EXAMPLE 9 Oleic Acid Modification of Low Activity Spermine-dextran Polymers

The purpose of this experiment was to show that hydrophobization improves significantly the transfection yield.

Ten batches of spermine-dextran conjugates of molecular weights between 15,000 and 25,000, nitrogen content between 7-11% w/w and various branching degrees (20 to 60% branching) were conjugated with oleic acid at a 20% of the free amino side chains of the conjugated spermine. The conjugation procedure was as described above. Five of these polymers showed a high transfection activity while the other 5 showed a medium or low transfection efficiencies.

In this study, dextran-spermidine (3 amino groups) was derivatized with 20% oleic acid using the above procedure,

Another experiment was conducted to determine the effect of crosslinking on the trasnfection efficacy. The reaction between oxidized dextran and spermine was conducted at concentrated solutions which increases crosslinking. Insoluble crosslinked polymer particles of 1 to about 100 microns which were used for transfection studies.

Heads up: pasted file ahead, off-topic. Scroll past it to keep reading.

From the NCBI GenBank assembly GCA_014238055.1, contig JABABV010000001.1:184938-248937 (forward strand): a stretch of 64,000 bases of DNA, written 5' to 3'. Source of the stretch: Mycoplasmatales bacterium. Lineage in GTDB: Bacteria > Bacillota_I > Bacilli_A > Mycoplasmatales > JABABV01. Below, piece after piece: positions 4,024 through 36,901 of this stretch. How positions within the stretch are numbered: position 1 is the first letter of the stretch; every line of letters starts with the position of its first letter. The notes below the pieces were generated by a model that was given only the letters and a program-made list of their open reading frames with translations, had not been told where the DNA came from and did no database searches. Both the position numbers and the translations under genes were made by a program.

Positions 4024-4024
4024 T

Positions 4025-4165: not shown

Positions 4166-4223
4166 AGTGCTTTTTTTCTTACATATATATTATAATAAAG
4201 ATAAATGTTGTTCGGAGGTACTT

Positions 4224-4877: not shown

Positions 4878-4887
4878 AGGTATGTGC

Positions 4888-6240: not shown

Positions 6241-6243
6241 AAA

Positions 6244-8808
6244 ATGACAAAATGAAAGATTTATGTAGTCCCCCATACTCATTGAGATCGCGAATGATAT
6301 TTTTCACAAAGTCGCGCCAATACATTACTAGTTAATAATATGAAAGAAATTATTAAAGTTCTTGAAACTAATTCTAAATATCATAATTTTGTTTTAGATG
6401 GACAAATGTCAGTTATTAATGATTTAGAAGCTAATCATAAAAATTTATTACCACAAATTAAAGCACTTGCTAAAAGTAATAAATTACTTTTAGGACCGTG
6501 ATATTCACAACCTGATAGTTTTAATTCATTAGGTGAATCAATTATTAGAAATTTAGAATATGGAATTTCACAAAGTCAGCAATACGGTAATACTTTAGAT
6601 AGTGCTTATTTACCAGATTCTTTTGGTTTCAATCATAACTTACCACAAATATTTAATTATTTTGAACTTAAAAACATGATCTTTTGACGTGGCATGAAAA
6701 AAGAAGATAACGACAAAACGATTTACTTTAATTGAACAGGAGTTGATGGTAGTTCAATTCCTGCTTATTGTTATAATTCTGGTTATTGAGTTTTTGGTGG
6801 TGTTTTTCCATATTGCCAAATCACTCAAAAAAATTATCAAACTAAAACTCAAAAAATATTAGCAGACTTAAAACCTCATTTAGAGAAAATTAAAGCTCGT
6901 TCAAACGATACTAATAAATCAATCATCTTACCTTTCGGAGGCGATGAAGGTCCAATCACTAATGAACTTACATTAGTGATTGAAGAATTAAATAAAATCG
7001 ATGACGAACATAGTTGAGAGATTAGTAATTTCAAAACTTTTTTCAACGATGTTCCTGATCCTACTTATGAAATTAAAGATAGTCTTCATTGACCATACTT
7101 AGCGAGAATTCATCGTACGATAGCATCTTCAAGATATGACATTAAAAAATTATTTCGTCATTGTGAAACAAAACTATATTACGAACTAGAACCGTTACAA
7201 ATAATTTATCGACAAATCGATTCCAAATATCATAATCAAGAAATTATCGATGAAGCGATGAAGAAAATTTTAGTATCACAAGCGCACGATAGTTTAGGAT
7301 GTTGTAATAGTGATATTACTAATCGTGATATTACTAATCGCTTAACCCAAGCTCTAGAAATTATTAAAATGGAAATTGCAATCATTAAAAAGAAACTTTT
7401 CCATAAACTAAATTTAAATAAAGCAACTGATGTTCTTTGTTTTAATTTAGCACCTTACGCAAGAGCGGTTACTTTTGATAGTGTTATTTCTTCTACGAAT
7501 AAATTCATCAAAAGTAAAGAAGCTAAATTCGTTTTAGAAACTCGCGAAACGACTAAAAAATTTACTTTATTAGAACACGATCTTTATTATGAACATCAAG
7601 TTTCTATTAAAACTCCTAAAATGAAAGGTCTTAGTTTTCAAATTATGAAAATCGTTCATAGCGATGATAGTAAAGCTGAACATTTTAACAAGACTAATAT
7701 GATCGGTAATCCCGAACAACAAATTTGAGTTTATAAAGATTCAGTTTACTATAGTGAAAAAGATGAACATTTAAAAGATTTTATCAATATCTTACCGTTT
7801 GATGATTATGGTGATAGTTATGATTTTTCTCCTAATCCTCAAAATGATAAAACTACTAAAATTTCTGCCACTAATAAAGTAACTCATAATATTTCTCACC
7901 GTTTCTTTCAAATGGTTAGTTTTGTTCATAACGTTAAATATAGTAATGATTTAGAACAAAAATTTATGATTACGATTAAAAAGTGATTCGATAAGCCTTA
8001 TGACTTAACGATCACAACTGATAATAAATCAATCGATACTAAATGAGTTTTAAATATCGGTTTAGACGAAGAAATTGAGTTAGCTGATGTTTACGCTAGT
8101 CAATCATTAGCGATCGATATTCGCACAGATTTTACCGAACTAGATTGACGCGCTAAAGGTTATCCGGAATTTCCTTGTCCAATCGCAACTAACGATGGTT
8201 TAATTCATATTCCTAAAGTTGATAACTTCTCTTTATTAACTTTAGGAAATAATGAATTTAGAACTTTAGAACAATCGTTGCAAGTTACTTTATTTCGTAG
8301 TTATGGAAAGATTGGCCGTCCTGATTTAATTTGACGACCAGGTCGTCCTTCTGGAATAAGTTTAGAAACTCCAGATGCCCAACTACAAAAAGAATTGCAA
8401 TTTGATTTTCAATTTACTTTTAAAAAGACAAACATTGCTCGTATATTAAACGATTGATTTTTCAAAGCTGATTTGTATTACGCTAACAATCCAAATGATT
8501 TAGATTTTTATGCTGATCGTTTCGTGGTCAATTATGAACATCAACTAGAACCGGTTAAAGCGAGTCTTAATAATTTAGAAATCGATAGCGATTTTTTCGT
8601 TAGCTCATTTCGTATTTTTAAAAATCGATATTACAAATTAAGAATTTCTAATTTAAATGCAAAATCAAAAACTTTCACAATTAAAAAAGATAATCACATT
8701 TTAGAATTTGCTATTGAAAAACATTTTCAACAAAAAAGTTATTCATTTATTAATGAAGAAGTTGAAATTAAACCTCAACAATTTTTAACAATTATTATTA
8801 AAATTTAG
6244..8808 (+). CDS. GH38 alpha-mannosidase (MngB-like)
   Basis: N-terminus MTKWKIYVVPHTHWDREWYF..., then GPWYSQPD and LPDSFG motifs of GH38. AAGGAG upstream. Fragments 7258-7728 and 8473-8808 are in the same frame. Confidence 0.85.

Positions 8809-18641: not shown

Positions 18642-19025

Transfection studies using the methods described below show a significant increase in the transfection efficiency for all polymers which was higher or comparable to the efficacy obtained with DOTAP/Cholesterol lipid system. The crosslinking decreased the efficacy compared to the branched polymers usually obtained.

EXAMPLE 10 Transfection Experiments

General Procedure